Most people are relatively indirect and will avoid saying what they think if they are not happy with something in public – such as bad service in a shop. Loud, public displays of anger are relatively rare.

Spitting is considered very rude, as is burping, farting or coughing without putting a hand over your mouth first. It is not unacceptable to urinate or defecate on the streets, and there may be fines for this in some cities.

Going to people’s houses

When someone invites you to their home, they will usually say whether they will be cooking food for you. You can ask if you are unsure. Don’t bring other family or friends along without asking first.

If you are invited to someone’s house for dinner, it is common to ask if there is anything you can bring, such as a desert, beer or bottle of wine to share. People may also bring a small gift, such a box of chocolates. Not everyone will do this, so it is OK if you aren’t able to do this.

Many people will not wear shoes in their homes, but everybody has their own preference for their home. You can ask them if they would like you to take your shoes off when you enter, or just look to see if they are wearing shoes.

Many British people won’t directly say when they feel it is time for you to go home. They will usually do so by commenting on the time, or mentioning they feel tired.

If it is a child’s birthday party, it is normal to bring a small gift and birthday card for the child. You would not be expected to bring food. Adults will usually stay for the length of the party.

Gender and treatment of women

Men and women are considered to be equal, and it is generally expected that women will be treated in the same way as men in most situations. Whilst some men still practice customs such as opening doors for women, or insisting on paying for a woman’s food, a growing number of women will not appreciate these actions.


You should never feel obliged to tip someone in the UK. The most common situation when a tip is offered is in a restaurant where your order is taken by a waiter whilst sitting at your table. In this situation, many people choose to pay a 10% tip if they are pleased with the food or waiter. Some people will also give taxi drivers a small tip - often rounding up a fare to a convenient amount. For example you might choose to give the driver £10 for a £9.40 fare.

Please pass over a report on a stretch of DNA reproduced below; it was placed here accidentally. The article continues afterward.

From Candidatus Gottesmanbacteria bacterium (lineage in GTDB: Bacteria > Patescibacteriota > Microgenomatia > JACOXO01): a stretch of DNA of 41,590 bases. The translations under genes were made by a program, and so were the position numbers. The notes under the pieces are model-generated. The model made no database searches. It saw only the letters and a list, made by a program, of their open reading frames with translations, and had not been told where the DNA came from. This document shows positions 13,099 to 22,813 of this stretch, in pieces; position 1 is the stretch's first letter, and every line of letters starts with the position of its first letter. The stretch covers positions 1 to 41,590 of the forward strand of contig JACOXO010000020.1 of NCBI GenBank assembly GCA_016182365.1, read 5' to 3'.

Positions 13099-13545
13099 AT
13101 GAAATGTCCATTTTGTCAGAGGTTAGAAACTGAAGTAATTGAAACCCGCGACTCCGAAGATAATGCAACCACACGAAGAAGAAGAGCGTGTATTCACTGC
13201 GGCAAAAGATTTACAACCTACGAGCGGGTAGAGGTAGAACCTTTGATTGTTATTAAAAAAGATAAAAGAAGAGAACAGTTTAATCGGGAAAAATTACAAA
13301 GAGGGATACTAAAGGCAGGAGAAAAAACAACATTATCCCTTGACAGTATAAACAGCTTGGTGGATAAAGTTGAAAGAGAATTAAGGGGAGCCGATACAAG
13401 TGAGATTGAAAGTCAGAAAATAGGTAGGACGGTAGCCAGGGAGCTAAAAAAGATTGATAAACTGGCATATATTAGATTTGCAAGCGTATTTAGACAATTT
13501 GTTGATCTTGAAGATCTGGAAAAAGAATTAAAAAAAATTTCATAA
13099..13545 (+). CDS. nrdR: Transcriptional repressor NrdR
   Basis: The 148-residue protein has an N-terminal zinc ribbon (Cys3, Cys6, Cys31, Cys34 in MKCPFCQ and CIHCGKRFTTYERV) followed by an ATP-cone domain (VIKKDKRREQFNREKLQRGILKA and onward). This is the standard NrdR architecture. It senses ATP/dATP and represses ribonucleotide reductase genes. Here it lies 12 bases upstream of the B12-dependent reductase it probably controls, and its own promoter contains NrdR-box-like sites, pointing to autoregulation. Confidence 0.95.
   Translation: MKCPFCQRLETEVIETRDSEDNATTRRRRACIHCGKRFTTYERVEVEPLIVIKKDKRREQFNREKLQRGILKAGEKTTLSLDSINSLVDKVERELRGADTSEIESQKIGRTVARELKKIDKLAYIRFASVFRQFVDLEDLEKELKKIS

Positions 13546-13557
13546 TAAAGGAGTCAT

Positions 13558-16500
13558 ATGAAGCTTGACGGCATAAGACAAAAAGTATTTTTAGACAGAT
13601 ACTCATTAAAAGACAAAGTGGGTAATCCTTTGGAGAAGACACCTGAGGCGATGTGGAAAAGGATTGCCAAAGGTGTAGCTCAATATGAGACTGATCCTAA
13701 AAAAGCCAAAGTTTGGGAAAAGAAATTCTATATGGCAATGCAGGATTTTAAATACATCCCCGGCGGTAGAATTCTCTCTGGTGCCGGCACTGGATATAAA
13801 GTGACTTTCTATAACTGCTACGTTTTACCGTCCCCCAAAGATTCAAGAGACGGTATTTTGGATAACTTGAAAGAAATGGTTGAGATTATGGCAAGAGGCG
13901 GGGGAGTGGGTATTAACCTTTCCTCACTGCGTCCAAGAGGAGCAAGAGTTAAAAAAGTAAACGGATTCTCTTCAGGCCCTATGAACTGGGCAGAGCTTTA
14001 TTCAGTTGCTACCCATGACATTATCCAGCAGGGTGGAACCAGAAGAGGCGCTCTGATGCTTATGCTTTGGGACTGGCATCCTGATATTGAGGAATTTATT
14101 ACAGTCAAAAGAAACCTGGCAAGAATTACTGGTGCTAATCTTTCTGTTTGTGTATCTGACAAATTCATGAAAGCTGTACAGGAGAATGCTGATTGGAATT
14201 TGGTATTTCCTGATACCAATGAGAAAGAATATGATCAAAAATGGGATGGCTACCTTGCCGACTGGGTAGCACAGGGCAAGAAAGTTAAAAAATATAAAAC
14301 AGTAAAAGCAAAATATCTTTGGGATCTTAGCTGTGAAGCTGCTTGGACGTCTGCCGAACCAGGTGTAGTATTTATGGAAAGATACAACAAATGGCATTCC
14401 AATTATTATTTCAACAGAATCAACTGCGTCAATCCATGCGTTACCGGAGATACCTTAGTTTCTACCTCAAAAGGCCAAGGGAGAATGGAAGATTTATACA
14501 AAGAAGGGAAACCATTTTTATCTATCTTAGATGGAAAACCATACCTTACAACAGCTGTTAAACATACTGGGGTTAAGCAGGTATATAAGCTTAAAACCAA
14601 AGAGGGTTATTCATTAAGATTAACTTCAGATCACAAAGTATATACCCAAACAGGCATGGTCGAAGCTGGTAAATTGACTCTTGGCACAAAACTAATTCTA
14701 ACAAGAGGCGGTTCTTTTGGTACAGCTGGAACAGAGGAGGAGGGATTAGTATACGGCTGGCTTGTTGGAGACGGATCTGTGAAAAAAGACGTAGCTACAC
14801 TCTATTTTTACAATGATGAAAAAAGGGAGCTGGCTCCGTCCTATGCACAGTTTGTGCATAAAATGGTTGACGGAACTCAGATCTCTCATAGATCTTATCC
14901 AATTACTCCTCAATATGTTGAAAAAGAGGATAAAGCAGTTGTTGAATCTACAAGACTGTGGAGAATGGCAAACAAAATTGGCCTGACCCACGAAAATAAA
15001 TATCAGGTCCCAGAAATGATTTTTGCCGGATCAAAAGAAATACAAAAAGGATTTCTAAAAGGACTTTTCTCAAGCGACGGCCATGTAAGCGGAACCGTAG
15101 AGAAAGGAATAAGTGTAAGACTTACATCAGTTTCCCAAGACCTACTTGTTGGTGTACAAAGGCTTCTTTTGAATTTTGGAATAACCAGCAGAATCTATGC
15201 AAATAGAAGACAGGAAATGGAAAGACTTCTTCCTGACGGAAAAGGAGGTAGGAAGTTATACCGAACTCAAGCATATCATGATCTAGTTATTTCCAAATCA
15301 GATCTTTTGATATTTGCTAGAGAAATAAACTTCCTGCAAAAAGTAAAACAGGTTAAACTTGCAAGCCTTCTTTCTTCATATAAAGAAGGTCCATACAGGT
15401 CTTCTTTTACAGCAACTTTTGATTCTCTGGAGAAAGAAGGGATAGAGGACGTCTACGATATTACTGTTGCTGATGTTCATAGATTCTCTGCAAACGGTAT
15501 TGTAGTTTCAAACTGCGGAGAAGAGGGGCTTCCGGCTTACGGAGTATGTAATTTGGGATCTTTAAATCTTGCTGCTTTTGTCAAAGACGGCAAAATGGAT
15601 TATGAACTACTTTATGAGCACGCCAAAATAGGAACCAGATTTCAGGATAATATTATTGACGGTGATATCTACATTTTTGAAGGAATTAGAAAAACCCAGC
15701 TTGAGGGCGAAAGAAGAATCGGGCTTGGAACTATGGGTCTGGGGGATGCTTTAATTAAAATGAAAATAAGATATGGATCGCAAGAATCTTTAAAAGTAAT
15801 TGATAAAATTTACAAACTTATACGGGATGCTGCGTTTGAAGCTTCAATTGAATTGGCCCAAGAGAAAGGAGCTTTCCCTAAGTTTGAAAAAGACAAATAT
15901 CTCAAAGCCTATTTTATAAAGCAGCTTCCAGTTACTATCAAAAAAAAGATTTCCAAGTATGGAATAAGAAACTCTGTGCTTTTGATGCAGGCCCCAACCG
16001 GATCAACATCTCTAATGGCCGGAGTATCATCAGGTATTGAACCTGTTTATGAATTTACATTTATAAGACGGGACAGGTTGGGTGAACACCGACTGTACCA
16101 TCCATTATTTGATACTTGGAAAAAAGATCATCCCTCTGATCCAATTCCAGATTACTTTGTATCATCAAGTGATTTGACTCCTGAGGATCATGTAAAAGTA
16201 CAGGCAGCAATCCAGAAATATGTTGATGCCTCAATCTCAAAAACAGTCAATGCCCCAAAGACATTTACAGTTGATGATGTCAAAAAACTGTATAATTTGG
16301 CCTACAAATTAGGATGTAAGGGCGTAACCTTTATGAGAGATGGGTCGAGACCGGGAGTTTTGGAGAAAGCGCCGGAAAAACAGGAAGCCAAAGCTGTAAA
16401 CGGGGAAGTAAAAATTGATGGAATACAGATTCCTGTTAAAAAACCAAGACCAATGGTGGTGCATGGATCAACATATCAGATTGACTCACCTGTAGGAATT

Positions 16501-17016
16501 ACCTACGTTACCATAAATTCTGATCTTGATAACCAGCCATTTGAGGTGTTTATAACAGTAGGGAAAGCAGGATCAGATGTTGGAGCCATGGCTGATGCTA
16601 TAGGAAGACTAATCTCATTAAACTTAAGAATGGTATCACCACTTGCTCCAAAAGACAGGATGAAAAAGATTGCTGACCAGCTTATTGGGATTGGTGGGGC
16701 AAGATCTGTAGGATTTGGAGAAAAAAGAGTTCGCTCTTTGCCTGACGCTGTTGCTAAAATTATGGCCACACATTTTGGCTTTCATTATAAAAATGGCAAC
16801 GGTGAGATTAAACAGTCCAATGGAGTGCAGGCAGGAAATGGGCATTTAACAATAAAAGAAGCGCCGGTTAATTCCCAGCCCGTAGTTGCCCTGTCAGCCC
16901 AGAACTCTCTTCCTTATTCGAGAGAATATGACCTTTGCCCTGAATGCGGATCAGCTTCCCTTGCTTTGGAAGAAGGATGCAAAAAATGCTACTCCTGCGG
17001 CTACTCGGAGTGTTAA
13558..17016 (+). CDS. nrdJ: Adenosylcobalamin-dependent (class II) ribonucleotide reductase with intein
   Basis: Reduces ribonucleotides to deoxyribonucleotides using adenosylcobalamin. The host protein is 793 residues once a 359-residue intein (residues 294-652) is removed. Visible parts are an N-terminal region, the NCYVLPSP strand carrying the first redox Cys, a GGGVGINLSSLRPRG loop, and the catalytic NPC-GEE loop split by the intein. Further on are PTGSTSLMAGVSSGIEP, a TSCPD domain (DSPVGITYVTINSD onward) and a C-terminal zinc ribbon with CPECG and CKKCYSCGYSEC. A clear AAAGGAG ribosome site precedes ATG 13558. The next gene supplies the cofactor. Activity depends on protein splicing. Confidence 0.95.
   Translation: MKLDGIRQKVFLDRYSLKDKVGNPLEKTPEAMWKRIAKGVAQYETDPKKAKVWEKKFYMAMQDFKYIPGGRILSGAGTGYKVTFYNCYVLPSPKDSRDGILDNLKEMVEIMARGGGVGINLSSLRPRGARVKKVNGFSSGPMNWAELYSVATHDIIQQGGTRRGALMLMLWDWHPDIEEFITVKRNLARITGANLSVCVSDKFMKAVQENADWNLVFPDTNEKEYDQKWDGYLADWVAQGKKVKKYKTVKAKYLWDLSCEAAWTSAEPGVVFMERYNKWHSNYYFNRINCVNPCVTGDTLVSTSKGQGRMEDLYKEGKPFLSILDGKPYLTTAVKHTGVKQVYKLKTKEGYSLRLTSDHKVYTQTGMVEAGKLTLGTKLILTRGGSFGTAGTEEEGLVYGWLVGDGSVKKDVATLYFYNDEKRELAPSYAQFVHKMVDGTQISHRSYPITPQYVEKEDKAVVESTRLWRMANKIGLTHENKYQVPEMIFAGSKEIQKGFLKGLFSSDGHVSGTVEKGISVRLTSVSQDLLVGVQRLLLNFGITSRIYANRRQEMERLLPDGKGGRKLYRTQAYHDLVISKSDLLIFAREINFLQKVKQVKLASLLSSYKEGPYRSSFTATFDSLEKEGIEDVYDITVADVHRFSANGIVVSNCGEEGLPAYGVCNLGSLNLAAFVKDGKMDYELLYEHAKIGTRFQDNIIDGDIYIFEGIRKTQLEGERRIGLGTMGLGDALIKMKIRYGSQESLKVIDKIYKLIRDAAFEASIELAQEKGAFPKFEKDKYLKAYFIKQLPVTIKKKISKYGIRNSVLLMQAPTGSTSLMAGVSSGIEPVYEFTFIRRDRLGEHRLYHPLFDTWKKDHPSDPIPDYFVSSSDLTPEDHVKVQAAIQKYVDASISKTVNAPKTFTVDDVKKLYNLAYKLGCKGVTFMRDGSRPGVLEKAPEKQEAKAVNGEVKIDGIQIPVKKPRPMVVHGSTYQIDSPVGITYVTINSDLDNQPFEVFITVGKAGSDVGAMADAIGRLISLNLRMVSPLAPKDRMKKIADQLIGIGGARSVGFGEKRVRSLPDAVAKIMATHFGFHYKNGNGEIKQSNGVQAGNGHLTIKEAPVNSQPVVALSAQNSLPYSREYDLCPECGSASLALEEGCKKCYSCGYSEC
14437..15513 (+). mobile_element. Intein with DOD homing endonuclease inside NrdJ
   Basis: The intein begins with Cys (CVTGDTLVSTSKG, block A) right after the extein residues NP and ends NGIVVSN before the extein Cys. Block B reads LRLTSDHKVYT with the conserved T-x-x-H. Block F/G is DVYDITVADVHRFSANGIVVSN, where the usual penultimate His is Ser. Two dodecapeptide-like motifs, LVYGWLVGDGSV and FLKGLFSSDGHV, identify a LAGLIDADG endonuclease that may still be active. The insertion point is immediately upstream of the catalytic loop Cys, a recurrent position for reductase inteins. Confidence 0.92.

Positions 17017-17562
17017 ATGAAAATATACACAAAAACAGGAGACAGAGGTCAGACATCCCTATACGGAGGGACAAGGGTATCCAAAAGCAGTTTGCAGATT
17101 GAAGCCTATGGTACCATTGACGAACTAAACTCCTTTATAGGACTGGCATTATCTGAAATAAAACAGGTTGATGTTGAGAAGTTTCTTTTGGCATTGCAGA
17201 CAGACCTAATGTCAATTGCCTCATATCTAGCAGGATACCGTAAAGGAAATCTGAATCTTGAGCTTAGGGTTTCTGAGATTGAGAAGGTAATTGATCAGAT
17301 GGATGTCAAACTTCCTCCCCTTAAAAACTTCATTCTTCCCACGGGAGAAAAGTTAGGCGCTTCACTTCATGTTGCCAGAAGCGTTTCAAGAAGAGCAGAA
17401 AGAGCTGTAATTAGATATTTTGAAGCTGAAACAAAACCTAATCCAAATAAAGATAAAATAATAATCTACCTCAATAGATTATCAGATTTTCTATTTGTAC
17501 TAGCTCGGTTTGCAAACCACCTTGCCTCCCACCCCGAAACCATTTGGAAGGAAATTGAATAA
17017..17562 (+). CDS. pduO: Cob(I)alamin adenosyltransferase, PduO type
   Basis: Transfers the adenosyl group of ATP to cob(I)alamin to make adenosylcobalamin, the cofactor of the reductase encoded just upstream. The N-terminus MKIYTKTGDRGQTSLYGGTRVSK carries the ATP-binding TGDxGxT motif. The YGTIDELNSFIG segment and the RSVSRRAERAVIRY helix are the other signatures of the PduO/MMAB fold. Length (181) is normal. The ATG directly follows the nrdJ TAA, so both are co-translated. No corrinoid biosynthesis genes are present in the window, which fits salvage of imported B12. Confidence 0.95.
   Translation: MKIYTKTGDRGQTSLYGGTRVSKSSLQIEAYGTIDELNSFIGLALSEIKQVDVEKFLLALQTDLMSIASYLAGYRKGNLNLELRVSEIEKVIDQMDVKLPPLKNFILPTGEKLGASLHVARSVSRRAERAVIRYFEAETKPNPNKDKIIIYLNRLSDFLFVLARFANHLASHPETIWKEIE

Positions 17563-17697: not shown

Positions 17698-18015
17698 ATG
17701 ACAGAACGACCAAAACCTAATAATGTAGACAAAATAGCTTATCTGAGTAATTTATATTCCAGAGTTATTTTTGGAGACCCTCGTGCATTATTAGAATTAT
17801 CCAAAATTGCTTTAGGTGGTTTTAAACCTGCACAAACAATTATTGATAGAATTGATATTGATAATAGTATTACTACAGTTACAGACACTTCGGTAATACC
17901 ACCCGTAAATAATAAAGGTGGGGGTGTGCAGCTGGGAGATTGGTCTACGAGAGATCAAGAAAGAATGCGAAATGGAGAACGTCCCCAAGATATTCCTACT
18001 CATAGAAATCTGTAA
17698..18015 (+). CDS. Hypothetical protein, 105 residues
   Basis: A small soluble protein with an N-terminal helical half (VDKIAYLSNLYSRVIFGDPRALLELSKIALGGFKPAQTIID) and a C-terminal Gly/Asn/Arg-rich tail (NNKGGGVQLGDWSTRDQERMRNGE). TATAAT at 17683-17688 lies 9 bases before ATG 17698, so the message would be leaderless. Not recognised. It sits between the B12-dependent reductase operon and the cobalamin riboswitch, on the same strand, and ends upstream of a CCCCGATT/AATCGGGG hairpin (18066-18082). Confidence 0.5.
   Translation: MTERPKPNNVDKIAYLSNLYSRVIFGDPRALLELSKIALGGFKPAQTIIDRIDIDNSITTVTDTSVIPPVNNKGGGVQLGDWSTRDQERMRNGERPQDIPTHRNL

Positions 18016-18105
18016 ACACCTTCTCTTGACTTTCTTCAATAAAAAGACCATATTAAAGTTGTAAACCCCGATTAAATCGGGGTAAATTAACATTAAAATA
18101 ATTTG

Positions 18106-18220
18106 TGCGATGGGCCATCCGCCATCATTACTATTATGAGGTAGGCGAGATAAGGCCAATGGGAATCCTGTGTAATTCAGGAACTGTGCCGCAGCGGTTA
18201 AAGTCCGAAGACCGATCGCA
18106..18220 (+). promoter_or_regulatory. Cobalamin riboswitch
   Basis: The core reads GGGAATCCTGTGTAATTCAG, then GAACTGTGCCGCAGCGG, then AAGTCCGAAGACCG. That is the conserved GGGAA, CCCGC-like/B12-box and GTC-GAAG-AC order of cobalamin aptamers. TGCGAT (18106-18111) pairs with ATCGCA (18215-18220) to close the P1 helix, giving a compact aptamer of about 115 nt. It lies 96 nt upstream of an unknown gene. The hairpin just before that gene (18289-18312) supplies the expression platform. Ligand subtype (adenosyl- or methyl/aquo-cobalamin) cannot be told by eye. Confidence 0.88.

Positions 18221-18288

Always place any litter you have a in a public bin, or take it home with you. If you have a dog, you should use a bag to pick their poo up and place it in a public bin. There are dog bins in many public parks. If you are caught leaving litter or poo in public, you will be fined.

Identification cards

The UK does not have a national identity card system, and you are not legally required to carry any type of identification with you. When asked to prove your identity, any type of government-issued card with your photo on it is usually accepted. This will usually be a passport, driver’s licence or BRC or BRP card if you have one.


You have the right to marry who you choose, including someone of the same sex as you. There are several important rules:

  • You must be 18 or over to get married.
  • You may not get married to a close family member.
  • You cannot be married to more than one person.
How to get married
What should I do if my family are pressuring me to marry someone who I don’t want to marry?

This is illegal. There are organisations who can give you advice on what to do.

Where to get help
Search for support options
Alcohol, smoking & drugs

Drinking alcohol is very common and is socially acceptable in most situations.

You must be 18 or over to buy alcohol. It is illegal to buy alcohol on behalf of someone under 18. You may choose to give your teenage children small amounts of alcohol in your home. It is illegal to drive any vehicle under the influence of alcohol, and the penalties for being caught are very serious.

It is generally allowed to drink alcohol in a public place, such as a park, but in some areas the local government have banned alcohol. This will be marked with signs.


You must be 18 or over to buy tobacco products or e-cigarettes. It is illegal to smoke in an indoor public place, or at work. If you have children in your car, smoking is also forbidden and you will be fined if caught.

Smoking e-cigarettes (vaping) is allowed in most public places, though generally it is banned on public transport services.

You should always ask before smoking in someone else’s house.

Recreational drugs

Drug taking, particularly the use of cannabis, is common, but it is illegal. If the police catch you using, owning, making or selling drugs, there can be very serious consequences. 


There are usually 8 official public holidays in the UK, called Bank Holidays. These mark the 3 main festivals celebrated in the UK: Christmas, New Year’s Day and Easter, along with 3 days in spring and summer which have little cultural significance. Most shops and non-essential services will be closed on these days.

There are other days celebrated nationally including Valentine’s Day, pancake day, Halloween and Bonfire Night which will not affect the opening of shops and services.

Most working people are given around 30 days of holiday allowance across the year.